Market Overview

PreMarket Prep Stock Of The Day: Eli Lilly

PreMarket Prep Stock Of The Day: Eli Lilly

Benzinga's PreMarket Prep airs every morning from 8-9 a.m. ET. During that fast-paced, highly informative hour, traders and investors tune in to get the major news of the day, the catalysts behind those moves and the corresponding price action for the upcoming session.

On any given day, the show will cover at least 20 stocks determined by co-hosts Joel Elconin and Dennis Dick along with producer Spencer Israel.

For those who don't have the time to tune in live or listen to the podcast, Benzinga will highlight one stock that merits further discussion. This analysis is not a buy or sell recommendation.

Unlike many people on Twitter or CNBC, the co-hosts of the show actually reveal their losing trades. The reason being is that we believe it's more important to learn how to manage losing trades than winning trades since one catastrophic loss can take a trader out of the game for good.

With that being said, we were dead wrong about how to trade Eli Lilly And Co (NYSE: LLY) off today's open.

The News: Before the open, Eli Lilly made a trio of positive announcements regarding drugs in its pipeline:

  • The FDA had approved Lilly's new rapid-acting insulin, Lyumjev.
  • Verzenio significantly reduced the risk of cancer returning in people with early and high-risk breast cancer.
  • Results from the OVERCOME study show that greater than 30% of people living with migraines take recommended prescription medication, emphasizing the need to find appropriate treatments.

The Pre-Market Call: Off the headline, the issue immediately bolted from its previous day close of $141.42 to $155.25 and later on to $157.50 before the opening bell. Both hosts viewed the move as overdone based on the news and were looking to short the opening print.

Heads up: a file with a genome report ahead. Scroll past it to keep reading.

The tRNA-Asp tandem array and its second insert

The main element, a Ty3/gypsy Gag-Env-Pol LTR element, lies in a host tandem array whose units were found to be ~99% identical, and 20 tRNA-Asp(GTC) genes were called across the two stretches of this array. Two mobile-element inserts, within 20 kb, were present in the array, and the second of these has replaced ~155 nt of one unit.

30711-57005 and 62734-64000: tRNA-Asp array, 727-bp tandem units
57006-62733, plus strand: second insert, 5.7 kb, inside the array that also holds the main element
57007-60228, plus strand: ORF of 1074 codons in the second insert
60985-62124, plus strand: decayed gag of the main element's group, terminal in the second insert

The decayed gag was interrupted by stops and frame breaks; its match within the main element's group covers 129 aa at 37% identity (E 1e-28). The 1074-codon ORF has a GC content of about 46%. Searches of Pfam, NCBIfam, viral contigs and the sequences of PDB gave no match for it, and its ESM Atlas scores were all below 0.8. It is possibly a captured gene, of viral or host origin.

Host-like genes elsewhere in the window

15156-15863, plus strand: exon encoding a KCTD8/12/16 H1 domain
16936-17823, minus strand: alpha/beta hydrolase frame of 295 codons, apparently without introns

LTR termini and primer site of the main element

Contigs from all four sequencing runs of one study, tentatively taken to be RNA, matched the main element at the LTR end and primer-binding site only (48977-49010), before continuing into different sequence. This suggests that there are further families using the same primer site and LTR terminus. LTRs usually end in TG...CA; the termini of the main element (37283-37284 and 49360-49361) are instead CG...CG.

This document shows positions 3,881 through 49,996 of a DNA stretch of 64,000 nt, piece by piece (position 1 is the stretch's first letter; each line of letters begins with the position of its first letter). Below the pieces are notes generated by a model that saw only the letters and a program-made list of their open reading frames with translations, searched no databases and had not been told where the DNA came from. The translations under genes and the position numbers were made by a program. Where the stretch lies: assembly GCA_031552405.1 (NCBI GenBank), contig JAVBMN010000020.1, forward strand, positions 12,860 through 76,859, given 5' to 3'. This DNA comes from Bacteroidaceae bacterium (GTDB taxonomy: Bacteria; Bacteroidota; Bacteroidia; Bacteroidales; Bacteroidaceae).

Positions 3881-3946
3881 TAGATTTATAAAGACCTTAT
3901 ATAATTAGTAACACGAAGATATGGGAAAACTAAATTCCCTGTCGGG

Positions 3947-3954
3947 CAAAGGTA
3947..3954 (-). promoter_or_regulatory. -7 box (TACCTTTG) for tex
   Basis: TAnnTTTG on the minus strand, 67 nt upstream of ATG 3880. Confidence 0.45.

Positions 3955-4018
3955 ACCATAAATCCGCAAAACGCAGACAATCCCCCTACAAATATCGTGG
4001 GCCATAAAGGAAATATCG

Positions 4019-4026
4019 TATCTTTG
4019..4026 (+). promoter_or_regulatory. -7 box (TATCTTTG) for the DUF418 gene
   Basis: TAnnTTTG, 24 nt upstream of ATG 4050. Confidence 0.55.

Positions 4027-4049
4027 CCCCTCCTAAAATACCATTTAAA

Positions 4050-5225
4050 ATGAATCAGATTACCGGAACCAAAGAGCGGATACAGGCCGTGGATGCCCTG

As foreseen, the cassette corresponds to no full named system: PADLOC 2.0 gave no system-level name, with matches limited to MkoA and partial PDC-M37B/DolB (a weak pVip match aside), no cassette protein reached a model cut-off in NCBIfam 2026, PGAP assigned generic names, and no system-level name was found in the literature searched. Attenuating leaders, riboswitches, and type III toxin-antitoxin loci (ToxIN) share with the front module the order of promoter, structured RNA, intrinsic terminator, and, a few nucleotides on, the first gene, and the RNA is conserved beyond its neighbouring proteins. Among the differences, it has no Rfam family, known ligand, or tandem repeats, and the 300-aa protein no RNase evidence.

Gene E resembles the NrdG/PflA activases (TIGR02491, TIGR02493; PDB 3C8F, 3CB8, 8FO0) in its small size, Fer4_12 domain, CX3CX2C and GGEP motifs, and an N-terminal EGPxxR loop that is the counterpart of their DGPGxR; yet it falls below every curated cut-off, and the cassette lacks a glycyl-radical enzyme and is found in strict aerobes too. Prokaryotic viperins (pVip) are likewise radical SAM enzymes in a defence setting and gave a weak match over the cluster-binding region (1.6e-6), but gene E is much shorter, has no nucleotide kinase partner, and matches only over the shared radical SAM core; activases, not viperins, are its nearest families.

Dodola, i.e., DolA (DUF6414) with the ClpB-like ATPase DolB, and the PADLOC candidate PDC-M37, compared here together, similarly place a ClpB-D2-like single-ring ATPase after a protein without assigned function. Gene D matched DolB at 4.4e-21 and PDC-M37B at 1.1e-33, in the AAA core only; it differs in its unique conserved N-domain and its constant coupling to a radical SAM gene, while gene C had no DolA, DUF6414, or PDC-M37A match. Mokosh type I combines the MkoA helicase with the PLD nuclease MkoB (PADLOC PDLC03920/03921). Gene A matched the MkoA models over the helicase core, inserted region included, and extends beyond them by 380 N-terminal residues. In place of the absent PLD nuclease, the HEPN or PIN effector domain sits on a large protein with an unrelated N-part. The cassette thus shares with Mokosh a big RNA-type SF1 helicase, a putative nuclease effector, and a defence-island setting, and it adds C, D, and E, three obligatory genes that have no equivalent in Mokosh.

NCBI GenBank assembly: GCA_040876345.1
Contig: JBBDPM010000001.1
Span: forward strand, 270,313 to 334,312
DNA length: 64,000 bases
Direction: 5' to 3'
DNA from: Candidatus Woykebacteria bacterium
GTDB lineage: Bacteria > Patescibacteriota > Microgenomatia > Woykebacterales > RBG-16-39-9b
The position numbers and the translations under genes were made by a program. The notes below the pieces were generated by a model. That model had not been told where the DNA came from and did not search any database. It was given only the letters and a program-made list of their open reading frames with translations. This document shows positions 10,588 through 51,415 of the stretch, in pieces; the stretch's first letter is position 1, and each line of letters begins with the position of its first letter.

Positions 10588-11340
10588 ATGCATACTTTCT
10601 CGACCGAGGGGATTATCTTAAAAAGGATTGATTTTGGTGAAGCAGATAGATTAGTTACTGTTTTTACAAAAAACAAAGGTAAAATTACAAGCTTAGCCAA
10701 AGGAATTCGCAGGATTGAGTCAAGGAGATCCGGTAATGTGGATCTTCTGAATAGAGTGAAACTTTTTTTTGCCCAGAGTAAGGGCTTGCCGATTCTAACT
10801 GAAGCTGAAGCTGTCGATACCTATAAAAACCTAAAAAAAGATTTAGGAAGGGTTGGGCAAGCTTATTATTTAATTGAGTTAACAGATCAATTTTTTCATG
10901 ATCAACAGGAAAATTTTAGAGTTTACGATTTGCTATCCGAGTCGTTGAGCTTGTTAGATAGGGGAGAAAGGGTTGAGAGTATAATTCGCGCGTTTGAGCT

Dennis Dick put his words into action: "I will short it."

The End Result: Eli Lilly opened the regular session at $156.12, where Dick was executed on his short position. For a brief moment, he felt comfortable with the trade as within seconds, it sprinted down to $155.

But when it began to bounce hard off that level, Dick knew he was in trouble. He stated when doing these types of risky trades, "you want instant gratification and when you do not get a lot of it, it is time to exit."

At that point, Dick's mental stop was as close to the opening print ($156.12) as possible, and he was in full scrambling mode.

“Lucky for me, I was executed at $156.07 on my $156.12 order," he said. "If I had missed that, I would have been dead meat."

Despite a roller-coaster day in the markets, the issue is higher by $25 (or 17.7%) and $165.79 stands as the high for the session at the time of publication.

The full discussion on the issue can be found here:


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